Alysia R. TILLMAN and Storm Fleetwood, Appellants, v. Katherine A. GOODPASTURE, D.O., Appellee. Office of Attorney General Derek Schmidt, Intervenor.
The Kansas Legislature is vested with setting the public policy of our state. Even though some may disagree with that public policy, we must accept that policy unless it conflicts with our Constitution. On appeal, Alysia R. Tillman and Storm Fleetwood challenge the denial of their cause of action, first recognized by our Kansas Supreme Court in Arche v. United States of America, 247 Kan. 276, 798 P.2d 477 (1990). In 2013, our Legislature passed K.S.A. 60-1906, stating no cause of action exists in Kansas for wrongful birth of a child. The district court granted Dr. Katherine A. Goodpasture, D.O.'s motion for judgment on the pleadings. The district court found K.S.A. 2013 Supp. 60-1906 was constitutional, finding Section 5 and Section 18 of the Kansas Constitution Bill of Rights did not protect this cause of action since wrongful birth was not a cause of action recognized in 1859 when our Constitution was adopted. We agree with the district court. K.S.A. 2013 Supp. 60-1906 is constitutional since a cause of action for wrongful birth was unavailable when our Constitution was adopted and thus does not implicate Sections 5 or 18 of the Kansas Constitution Bill of Rights. We affirm.
Tillman and Fleetwood filed a wrongful birth action against Dr. Goodpasture resulting from the birth of their daughter, Baby A. They alleged Dr. Goodpasture failed to diagnose severe structural abnormalities and defects in the fetus' brain. In utero, Baby A was subsequently diagnosed with schizencephaly and is alleged to be severely and permanently neurologically, cognitively, and physically handicapped.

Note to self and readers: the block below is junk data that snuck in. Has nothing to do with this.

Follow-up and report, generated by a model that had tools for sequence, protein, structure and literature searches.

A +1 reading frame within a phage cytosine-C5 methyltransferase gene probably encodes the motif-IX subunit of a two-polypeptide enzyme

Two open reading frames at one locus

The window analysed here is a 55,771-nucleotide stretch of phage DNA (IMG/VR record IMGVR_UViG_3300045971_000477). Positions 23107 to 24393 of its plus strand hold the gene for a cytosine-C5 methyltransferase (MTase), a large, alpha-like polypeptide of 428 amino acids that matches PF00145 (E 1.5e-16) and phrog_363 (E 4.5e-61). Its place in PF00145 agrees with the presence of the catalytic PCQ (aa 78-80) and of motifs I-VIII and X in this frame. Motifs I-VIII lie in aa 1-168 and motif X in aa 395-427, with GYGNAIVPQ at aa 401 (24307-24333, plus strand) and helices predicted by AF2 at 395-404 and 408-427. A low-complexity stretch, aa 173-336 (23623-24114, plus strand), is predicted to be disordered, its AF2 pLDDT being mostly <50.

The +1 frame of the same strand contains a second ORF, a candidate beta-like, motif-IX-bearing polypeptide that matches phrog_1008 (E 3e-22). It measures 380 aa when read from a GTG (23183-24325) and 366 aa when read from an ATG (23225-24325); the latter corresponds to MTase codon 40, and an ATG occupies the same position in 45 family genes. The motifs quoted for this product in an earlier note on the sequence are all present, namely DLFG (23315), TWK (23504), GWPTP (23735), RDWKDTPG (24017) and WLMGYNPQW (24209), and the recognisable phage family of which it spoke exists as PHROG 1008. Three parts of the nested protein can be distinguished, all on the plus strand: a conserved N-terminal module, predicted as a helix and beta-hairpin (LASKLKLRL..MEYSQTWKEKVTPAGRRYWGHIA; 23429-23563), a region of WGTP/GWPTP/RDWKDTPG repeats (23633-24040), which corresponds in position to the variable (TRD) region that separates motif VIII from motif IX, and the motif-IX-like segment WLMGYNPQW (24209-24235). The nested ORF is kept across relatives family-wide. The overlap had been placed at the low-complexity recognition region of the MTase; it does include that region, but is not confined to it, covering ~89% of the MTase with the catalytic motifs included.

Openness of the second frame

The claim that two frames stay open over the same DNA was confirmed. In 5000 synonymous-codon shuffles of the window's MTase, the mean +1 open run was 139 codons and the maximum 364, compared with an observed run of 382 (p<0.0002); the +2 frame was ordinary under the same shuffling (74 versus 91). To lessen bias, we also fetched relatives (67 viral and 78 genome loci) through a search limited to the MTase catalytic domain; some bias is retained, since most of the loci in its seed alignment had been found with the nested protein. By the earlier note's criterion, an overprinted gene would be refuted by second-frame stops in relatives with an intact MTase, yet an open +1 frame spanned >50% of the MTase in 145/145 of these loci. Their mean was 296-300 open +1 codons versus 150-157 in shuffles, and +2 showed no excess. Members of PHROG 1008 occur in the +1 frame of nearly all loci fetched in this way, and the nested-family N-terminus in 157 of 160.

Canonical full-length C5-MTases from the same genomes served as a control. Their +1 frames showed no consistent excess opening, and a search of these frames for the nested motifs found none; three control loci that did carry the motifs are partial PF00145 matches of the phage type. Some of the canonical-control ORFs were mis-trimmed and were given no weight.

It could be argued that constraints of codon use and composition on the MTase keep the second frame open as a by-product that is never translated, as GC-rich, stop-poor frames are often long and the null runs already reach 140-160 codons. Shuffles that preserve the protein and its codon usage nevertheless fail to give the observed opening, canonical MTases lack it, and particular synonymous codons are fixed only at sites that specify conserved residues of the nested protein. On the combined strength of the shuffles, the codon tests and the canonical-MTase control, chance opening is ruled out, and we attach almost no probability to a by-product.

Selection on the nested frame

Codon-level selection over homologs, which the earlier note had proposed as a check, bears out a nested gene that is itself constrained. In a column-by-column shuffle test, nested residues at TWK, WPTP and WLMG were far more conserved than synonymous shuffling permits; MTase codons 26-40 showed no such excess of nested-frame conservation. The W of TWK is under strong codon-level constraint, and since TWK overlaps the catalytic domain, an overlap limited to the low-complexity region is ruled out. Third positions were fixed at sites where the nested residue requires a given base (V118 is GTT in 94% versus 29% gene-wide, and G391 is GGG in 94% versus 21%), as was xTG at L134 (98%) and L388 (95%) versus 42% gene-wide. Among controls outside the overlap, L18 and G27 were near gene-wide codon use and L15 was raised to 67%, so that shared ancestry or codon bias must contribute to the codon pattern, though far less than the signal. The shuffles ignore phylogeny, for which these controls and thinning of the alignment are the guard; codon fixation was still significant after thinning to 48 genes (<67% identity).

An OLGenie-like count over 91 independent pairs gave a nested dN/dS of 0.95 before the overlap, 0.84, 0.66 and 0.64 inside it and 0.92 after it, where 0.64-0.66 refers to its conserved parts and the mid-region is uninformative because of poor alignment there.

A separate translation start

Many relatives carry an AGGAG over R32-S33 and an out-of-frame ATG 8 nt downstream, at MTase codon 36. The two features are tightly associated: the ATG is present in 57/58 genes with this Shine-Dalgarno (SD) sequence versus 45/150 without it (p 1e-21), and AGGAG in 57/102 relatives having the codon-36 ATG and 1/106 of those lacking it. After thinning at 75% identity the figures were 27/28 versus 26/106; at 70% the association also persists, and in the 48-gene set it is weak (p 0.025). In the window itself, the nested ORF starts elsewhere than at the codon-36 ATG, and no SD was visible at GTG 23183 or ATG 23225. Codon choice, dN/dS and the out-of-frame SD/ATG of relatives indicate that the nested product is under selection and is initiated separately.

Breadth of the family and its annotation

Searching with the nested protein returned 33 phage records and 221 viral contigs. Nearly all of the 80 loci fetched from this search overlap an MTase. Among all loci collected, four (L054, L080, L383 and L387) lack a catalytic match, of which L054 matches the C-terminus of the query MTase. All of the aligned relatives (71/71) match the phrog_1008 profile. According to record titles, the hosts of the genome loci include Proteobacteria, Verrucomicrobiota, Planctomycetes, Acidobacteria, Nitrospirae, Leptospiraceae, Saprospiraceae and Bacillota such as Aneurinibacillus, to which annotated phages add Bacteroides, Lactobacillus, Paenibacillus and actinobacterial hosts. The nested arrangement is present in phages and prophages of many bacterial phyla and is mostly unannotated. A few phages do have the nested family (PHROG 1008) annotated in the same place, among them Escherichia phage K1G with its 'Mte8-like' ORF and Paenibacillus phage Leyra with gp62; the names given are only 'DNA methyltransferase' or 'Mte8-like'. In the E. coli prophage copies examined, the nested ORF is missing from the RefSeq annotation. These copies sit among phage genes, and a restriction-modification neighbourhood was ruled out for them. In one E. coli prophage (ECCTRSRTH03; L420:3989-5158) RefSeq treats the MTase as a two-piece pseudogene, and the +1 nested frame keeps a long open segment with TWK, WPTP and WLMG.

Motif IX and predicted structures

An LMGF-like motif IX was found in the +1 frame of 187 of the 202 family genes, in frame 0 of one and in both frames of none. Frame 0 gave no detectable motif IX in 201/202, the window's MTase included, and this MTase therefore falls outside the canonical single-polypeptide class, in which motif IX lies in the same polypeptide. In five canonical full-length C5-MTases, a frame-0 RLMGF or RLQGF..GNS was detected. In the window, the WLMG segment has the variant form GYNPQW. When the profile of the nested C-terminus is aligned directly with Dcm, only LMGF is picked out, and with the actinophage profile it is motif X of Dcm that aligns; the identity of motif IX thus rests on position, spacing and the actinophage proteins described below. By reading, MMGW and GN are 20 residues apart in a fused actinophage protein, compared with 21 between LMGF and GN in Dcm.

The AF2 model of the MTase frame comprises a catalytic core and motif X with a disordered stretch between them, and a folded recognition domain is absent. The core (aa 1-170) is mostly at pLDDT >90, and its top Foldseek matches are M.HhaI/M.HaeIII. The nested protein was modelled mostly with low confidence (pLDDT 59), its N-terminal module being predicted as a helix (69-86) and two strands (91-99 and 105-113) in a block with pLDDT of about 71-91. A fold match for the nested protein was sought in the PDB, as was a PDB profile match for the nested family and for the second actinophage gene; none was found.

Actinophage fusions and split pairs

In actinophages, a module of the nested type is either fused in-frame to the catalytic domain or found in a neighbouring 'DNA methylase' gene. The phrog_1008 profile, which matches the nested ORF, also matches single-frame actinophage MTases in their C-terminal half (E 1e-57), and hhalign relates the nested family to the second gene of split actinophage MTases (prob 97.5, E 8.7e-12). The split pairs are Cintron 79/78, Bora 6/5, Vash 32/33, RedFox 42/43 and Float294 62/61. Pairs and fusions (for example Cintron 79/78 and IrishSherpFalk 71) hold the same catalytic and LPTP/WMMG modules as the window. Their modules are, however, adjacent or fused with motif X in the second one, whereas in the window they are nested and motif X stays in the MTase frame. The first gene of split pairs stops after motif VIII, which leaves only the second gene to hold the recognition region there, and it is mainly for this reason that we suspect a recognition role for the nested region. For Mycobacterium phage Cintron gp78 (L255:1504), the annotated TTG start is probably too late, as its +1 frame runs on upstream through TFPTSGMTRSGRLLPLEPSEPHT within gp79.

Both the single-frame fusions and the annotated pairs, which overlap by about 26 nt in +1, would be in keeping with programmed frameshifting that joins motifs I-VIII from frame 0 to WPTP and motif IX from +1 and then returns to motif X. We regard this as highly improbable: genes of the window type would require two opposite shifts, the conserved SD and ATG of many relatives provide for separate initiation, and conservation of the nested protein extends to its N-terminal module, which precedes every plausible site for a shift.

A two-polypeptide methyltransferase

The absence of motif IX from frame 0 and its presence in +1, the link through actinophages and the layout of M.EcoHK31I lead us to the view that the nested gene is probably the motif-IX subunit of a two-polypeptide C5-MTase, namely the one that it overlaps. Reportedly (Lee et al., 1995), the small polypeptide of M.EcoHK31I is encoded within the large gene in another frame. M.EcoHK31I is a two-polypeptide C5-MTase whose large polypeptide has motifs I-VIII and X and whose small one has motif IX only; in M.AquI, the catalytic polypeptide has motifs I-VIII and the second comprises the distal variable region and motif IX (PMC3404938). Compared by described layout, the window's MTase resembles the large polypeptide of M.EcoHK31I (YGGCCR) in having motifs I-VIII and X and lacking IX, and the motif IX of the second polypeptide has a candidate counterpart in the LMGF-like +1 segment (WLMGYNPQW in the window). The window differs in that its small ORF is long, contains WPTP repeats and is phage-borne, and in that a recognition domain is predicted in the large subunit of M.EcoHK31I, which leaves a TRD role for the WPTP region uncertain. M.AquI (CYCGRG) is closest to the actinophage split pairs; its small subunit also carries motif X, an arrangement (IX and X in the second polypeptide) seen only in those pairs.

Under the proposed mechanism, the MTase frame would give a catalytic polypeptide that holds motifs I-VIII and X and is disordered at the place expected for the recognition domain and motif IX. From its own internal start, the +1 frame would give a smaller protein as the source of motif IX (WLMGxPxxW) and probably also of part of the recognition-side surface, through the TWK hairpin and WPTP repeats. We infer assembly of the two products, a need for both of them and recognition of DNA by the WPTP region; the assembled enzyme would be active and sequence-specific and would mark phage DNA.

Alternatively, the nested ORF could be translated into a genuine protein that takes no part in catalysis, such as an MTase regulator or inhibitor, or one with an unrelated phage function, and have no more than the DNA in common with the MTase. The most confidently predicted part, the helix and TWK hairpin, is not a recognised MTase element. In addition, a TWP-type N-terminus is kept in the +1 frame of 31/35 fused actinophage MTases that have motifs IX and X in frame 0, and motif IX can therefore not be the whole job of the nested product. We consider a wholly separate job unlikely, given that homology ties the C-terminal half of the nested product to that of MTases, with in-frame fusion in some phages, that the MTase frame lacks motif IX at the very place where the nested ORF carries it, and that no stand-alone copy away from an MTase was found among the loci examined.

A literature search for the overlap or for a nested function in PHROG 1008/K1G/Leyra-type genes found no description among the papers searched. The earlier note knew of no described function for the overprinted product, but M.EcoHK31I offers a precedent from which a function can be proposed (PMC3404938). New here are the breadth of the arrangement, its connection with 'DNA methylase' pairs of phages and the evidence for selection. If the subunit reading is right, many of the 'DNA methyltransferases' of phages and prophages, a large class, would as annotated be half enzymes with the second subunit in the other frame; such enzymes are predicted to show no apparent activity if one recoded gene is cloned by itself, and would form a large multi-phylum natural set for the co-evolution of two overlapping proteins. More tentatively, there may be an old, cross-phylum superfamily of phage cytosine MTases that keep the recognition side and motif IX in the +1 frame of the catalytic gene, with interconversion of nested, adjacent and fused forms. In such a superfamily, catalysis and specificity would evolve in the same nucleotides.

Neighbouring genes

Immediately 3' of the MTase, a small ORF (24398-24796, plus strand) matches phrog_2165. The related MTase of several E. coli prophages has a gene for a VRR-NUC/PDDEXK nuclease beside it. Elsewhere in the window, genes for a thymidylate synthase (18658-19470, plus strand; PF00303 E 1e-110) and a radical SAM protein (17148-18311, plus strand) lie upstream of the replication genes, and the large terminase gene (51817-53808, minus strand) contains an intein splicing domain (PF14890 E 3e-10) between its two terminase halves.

Tillman and Fleetwood alleged Dr. Goodpasture's failure to diagnose appropriately the structural abnormalities and defects denied them the right to make an informed decision on whether to terminate the pregnancy and, had they been informed of the physical, neurological, and cognitive defects, they would have terminated the pregnancy. Tillman and Fleetwood also alleged K.S.A. 2013 Supp. 60-1906 violated Section 5 and Section 18 of the Bill of Rights by denying them their right to trial by jury and their right to remedy by due course of law. They sought damages over $75,000 and a determination K.S.A. 2013 Supp. 60-1906 was unconstitutional.
Dr. Goodpasture moved for judgment on the pleadings contending K.S.A. 2013 Supp. 60-1906 barred Tillman and Fleetwood's cause of action. Tillman and Fleetwood responded, arguing K.S.A. 2013 Supp. 60-1906 was unconstitutional. The State moved to intervene to defend the constitutionality of K.S.A. 2013 Supp. 60-1906. The district court heard argument on the motion for judgment on the pleadings and granted the State's motion to intervene. After the hearing, the district court allowed supplemental briefing.
Upon receipt of the supplemental briefing, the district court granted Dr. Goodpasture's motion for judgment on the pleadings. It found Arche, which recognized wrongful birth as a new cause of action in Kansas in 1990, required proof of two additional elements beyond the elements necessary to prove ordinary negligence. As a result, the district court found wrongful birth was a new cause of action that did not exist when the Kansas Constitution was adopted in 1859, and thus K.S.A. 2013 Supp. 60-1906 did not implicate Section 5 or Section 18 of the Bill of Rights.
Procedurally, this matter comes to us from the district court's grant of Dr. Goodpasture's motion for judgment on the pleadings. In this posture, we presume the facts alleged in the petition are true.
The appellants' motion to transfer this appeal to the Kansas Supreme Court was denied.
In 1990, the Kansas Supreme Court first recognized a cause of action for wrongful birth in Arche. In a tort of wrongful birth, “suit is brought by the parents, who claim they would have avoided conception or terminated the pregnancy had they been properly advised of the risks or existence of birth defects to the potential child.” 247 Kan. at 278, 798 P.2d 477.